Israel, Bahrain could announce normalized ties by next year — report
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Israel, Bahrain could announce normalized ties by next year — report

Mosques said ordered to stop anti-Israel sermons, as Manama appears increasingly drawn to Israel by shared antipathy toward Iran

Israel is on the path to normalize diplomatic ties with the Gulf kingdom of Bahrain as the two countries draw closer over their shared hostility to Iran, with an announcement even possible in the relatively near future, Bahraini and Western officials were quoted saying on Saturday.

While there have been a number of recent signs that Bahrain is dropping its traditional hostility to the Jewish state, such as the visit in May of officials from the Israeli Football Association to a FIFA congress there, the officials told the Middle East Eye that an official announcement of the establishment of relations could happen as soon as next year.

While a normalization of ties would likely not extend to the opening of diplomatic missions, the officials said the two countries are already working to set up exchange visits of businessman and religious figures, and even of government ministers.

“I do not think we will witness the opening of an Israeli embassy here, but probably we will have official visits from ministers of trade and economic affairs,” an unnamed Western official told Middle East Eye.

President of the Israeli Football Association Ofer Eini and ISA CEO Rotem Kamer (L) attend the 67th FIFA Congress in the Bahraini capital Manama on May 11, 2017. (AFP Photo/Jack Guez)

The official said that while there was likely to be grumbling from some Bahrainis over the move, with previous steps such as the visit by Israeli soccer officials leading to criticism on social media, the country’s leaders would say it is necessary to counter Iran.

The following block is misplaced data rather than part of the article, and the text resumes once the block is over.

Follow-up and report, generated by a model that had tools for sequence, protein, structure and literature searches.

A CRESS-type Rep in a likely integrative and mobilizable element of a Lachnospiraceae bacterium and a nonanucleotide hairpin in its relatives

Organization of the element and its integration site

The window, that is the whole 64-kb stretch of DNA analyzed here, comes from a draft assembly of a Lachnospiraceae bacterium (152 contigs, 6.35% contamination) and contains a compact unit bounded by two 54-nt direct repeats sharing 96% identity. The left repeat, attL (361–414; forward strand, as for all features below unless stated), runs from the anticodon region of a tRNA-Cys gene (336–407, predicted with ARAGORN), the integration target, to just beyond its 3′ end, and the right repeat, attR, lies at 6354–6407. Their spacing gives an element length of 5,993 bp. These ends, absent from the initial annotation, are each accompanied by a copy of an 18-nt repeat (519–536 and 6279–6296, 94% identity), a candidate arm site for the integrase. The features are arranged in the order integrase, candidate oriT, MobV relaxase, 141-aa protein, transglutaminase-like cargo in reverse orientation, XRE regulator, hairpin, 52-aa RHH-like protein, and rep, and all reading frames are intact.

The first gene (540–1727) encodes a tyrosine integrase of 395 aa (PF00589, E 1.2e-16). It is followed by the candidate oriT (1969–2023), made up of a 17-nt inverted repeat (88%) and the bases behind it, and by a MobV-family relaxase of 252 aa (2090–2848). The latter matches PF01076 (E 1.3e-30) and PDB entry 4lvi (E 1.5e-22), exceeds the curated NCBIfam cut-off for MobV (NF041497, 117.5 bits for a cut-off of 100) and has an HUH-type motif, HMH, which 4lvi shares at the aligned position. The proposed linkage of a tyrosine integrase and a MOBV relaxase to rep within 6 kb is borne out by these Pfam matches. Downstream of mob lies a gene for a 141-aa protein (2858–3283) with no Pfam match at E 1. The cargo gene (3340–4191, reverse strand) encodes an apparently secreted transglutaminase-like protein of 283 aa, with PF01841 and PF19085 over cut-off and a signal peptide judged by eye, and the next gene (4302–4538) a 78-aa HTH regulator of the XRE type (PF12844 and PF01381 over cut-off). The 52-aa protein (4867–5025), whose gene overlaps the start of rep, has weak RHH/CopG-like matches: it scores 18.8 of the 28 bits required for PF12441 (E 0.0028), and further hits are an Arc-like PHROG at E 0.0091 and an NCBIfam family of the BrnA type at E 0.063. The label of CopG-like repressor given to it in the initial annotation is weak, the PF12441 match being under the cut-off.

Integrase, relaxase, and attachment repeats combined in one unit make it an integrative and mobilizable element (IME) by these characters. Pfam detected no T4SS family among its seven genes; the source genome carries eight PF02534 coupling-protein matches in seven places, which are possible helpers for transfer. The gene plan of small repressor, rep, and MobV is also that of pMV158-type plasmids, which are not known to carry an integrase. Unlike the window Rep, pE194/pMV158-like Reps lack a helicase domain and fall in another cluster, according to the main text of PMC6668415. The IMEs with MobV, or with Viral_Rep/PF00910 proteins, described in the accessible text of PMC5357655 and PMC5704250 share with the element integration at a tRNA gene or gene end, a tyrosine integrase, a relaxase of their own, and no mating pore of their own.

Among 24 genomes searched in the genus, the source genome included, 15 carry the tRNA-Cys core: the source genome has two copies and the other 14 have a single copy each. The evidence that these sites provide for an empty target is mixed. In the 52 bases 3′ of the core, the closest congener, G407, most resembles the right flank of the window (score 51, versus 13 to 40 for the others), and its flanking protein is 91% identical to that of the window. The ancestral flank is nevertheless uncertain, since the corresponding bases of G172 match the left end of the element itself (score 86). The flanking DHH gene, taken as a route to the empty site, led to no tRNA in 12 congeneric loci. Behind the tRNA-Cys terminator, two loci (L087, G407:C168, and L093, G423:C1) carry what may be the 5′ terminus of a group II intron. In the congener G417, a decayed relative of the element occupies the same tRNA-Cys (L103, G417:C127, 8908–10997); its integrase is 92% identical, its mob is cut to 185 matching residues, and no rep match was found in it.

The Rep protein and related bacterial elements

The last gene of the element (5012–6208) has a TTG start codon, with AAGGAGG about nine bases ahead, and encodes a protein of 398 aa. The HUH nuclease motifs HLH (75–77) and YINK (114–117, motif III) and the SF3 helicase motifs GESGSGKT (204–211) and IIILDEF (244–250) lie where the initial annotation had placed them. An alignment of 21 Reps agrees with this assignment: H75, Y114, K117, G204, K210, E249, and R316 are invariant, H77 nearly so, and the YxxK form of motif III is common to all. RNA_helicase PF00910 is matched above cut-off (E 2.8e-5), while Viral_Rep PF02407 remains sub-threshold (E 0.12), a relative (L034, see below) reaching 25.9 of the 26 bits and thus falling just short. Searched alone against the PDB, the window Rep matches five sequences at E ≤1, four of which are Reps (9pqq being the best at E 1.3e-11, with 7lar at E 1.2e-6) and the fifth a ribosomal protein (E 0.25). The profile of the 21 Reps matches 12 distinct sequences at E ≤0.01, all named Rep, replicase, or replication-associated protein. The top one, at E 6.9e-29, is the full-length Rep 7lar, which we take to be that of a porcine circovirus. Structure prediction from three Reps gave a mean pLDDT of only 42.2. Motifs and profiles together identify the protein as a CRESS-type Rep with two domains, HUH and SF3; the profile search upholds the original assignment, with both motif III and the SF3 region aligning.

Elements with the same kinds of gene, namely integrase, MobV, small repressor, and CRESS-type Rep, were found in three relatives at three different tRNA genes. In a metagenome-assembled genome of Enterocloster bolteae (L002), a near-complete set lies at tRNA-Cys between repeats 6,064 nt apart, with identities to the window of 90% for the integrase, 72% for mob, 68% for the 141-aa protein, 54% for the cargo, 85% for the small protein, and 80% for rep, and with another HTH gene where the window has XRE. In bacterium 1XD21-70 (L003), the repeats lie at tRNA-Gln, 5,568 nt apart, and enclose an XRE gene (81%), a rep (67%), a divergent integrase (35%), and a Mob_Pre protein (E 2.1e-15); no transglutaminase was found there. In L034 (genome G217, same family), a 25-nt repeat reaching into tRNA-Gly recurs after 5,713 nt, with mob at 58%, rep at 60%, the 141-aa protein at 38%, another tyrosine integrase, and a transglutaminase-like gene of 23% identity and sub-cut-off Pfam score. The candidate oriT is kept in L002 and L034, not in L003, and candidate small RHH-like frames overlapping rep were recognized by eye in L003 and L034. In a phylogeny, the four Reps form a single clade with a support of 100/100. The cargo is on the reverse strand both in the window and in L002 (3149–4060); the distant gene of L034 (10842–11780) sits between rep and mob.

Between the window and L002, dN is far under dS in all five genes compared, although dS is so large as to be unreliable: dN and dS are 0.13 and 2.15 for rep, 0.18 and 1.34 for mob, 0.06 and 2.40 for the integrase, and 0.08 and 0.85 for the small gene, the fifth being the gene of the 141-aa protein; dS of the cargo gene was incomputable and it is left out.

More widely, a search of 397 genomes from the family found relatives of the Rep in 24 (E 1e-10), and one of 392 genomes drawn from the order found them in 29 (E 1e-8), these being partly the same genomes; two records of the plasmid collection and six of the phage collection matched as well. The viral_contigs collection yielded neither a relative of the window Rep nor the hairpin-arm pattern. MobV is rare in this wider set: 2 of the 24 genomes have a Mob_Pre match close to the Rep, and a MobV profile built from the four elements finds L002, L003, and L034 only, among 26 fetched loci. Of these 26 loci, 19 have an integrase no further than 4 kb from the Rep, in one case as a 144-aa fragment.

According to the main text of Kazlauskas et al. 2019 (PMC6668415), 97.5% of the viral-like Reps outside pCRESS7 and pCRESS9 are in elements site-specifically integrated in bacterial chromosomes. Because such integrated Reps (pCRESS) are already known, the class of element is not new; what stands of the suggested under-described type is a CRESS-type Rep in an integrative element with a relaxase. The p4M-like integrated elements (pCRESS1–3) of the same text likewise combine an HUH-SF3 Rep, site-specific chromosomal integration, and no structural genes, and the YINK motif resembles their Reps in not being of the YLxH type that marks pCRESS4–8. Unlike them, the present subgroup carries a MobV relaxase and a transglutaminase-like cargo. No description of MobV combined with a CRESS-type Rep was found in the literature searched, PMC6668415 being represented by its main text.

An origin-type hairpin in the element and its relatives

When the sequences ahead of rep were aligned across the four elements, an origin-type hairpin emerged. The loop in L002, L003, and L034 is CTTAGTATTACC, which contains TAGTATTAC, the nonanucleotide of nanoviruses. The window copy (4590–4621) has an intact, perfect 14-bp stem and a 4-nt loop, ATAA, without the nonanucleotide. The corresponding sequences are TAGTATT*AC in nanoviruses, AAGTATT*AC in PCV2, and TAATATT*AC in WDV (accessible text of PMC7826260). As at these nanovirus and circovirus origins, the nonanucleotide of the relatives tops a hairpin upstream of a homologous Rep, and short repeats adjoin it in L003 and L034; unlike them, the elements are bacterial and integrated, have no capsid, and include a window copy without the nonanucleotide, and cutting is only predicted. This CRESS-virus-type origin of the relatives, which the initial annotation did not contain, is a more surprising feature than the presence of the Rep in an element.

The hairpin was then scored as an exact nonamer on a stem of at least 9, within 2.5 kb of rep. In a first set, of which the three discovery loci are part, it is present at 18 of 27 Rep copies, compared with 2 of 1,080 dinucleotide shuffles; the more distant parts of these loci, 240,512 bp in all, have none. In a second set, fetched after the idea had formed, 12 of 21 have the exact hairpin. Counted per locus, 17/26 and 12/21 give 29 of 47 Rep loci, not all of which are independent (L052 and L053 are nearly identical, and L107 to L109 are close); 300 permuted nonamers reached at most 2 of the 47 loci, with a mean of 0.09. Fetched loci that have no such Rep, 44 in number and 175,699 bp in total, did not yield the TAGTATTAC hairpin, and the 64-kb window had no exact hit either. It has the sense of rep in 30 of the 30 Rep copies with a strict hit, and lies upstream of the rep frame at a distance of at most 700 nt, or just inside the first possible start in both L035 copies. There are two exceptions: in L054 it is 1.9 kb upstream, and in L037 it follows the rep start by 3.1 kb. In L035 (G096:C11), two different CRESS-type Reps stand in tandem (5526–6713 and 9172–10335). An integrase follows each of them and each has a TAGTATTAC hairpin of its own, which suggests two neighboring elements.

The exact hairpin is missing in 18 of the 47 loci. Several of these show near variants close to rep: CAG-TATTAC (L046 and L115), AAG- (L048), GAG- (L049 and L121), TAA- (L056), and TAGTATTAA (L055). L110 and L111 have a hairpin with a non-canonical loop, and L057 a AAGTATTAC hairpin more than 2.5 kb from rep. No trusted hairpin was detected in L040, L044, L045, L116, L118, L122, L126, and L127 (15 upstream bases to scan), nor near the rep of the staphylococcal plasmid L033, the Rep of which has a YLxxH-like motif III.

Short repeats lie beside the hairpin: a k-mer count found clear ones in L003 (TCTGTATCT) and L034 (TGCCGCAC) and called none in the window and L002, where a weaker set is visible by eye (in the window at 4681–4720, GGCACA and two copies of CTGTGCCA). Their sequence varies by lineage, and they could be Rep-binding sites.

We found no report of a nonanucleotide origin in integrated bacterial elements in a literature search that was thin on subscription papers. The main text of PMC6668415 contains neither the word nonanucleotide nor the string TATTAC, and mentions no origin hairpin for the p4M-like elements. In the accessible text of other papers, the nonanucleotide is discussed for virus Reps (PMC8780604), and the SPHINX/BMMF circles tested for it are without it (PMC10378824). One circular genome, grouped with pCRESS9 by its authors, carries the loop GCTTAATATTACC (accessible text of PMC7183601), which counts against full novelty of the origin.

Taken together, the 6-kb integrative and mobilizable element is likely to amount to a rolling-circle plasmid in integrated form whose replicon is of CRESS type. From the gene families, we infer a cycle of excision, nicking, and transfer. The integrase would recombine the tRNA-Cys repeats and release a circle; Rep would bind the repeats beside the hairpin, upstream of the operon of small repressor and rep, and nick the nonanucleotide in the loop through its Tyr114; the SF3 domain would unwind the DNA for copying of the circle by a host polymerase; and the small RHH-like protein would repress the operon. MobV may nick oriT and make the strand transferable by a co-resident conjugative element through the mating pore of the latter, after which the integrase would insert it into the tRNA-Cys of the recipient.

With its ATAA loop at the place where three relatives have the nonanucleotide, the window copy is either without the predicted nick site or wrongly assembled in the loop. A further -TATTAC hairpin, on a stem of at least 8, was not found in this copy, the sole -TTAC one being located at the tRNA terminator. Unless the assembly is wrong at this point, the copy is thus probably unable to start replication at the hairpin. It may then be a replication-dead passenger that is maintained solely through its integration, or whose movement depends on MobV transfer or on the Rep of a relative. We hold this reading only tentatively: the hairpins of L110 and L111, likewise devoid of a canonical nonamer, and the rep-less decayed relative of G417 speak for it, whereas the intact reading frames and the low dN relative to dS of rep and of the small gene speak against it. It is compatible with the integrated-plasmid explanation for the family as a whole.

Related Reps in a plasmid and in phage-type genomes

“I would not say this year, maybe the year after, they will tell the populace that it is important to confront Iran, and people with time will accept it,” the official said.

Bahrain, which like Iran has a Shiite majority population, has accused the Islamic Republic of setting up terror cells in its country and fomenting unrest.

In light of their shared hostility towards Iran, a Bahraini official told Middle East Eye that establishing ties with Israel would not be problematic, as unlike Iran, Israel does not pose a threat to the Gulf kingdom.

“Israel does not threaten our security or conspire on us but Iran certainly does,” the official said.

As part of Bahrain’s more conciliatory stance towards Israel, an imam from the country’s second city of Riffa told the news site that the government had ordered mosques to stop giving sermons critical of Israel.

Earlier in the week a prominent rabbi who met with Bahrain’s King Hamad bin Isa Al Khalifa told The Times of Israel that the king said he opposes the Arab states’ boycott of Israel and intends to allow citizens from his kingdom to visit the Jewish state freely.

Rabbi Marvin Hier, who is the dean and founder of the Simon Wiesenthal Center in Los Angeles, California, alongside the Associate Director of the Wiesenthal Center, Rabbi Abraham Cooper, met with the Bahraini king in Manama, the tiny Persian Gulf state’s capital, on February 26, 2017.

Hier told The Times of Israel in a phone interview Monday that he was in Dubai on a mission for his organization when the king personally invited him to visit his palace. While the meeting took place in February, Hier said that he was ready now to discuss its contents after receiving “a clear signal” from the king that the royal meant business. In this case, the signal was that Bahraini Prince Nasser bin Hamad al Khalifa attended a large event for the Weisenthal Center last week, and also visited the unabashedly pro-Israeli Museum of Tolerance, also located in Los Angeles.